Debut author Lane’s account of her lifelong mission to save Perdido Bay recalls how a public environmental issue along the border of Florida and Alabama became personal.
After the author, a marine biologist, married her husband in the mid-1970s, they moved to an undeveloped area of Florida. Perdido Bay grew on Lane, the same way that the dampness of a humid Southern summer eventually feels like home to out-of-towners. They happily raised five children in the wild, living waters of the bay until, one day, the water rolled in black and scummy, with dead fish floating in eerie-looking foam. The marsh clams that once covered the bottom of the bay, with which her children once played, were all dead. This apocalyptic scene was the catalyst for Lane and her husband, along with 500 other members of the community of nearby Lillian, Alabama, to embark on a decade-spanning fight against the Champion paper mill that was allegedly polluting the water. An account of corporate greed and manipulation, bureaucratic chaos, and political self-interest as well as a ton of research follow in Lane’s incredibly detailed chronicle. What immediately distinguishes this book is the author’s surprisingly woeful tone: “For over 30 years, I have fought to save Perdido Bay, with small victories here and there, but it is still dying,” she writes in a prologue. But although her thorough research and technical detail will likely be helpful to fellow environmentalists and scientists, they don’t have the intimacy and warmth that’s evident in her descriptions of the region, her family, and the personalities that constituted the Perdido Bay Environmental Association. She does sprinkle a sense of foreboding throughout, and some particularly meaty details liven up the book, such as her realization that a local U.S. Environmental Protection Agency scientist, who’d helped her group at their first meeting, had been mysteriously “transferred.” But her divergence between personal, passionate memoir and technical, scientific chronicle weakens the book’s overall potency.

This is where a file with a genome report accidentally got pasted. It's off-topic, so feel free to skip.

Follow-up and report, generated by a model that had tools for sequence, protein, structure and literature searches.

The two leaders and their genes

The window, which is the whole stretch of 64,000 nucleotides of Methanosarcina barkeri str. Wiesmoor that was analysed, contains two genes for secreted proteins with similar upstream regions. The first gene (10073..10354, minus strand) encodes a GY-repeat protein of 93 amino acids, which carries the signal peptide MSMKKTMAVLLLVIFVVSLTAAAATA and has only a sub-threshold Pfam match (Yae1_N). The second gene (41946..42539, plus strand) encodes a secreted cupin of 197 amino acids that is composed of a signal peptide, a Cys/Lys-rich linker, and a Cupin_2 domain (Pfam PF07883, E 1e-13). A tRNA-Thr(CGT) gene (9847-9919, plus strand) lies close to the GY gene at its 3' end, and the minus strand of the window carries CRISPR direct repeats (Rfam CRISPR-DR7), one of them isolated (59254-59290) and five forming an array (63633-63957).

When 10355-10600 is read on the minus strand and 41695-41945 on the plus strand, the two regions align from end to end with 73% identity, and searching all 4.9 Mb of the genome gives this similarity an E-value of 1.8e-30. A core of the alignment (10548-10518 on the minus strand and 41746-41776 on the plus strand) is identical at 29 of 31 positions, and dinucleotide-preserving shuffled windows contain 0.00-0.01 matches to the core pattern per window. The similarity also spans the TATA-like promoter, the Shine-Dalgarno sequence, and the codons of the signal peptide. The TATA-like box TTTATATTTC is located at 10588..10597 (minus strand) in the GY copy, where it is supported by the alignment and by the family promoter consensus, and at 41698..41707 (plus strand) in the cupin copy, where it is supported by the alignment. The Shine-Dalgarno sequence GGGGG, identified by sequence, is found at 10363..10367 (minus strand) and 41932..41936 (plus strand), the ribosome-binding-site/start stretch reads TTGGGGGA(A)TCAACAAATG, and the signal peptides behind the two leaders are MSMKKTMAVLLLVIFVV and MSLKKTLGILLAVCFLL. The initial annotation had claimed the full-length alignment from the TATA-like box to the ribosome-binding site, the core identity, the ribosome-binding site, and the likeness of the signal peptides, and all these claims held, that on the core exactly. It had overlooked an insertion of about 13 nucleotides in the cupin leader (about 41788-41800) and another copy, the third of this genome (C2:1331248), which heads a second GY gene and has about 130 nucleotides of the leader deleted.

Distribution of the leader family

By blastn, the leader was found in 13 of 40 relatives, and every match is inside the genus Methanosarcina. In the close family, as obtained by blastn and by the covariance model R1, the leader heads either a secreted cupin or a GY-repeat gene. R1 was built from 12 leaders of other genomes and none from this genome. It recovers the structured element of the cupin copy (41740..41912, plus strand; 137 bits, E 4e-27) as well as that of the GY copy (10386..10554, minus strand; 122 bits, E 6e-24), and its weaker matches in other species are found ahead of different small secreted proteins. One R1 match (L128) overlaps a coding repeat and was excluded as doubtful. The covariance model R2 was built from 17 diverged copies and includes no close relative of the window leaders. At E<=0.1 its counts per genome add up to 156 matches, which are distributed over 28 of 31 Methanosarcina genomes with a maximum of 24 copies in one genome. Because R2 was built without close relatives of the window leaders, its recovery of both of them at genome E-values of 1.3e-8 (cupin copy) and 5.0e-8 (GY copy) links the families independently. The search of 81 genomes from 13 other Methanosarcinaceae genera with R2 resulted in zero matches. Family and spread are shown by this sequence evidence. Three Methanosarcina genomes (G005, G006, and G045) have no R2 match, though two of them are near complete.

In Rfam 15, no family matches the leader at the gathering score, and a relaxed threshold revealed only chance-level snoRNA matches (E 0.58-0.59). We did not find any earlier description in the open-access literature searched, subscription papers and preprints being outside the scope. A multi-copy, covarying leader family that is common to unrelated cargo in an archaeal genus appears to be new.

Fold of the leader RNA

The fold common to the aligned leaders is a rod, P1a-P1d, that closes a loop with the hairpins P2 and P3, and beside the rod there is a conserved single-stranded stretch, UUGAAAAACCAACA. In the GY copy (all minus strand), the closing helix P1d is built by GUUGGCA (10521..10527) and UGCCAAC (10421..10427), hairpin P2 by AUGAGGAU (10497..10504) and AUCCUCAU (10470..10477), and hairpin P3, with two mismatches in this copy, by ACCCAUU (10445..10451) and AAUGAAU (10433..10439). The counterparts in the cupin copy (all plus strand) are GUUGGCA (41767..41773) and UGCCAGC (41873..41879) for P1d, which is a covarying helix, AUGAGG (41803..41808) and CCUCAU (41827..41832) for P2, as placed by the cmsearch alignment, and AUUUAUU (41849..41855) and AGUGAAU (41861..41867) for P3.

A tale that clearly illuminates the author’s passion even if the narrative sometimes tends toward dry detail.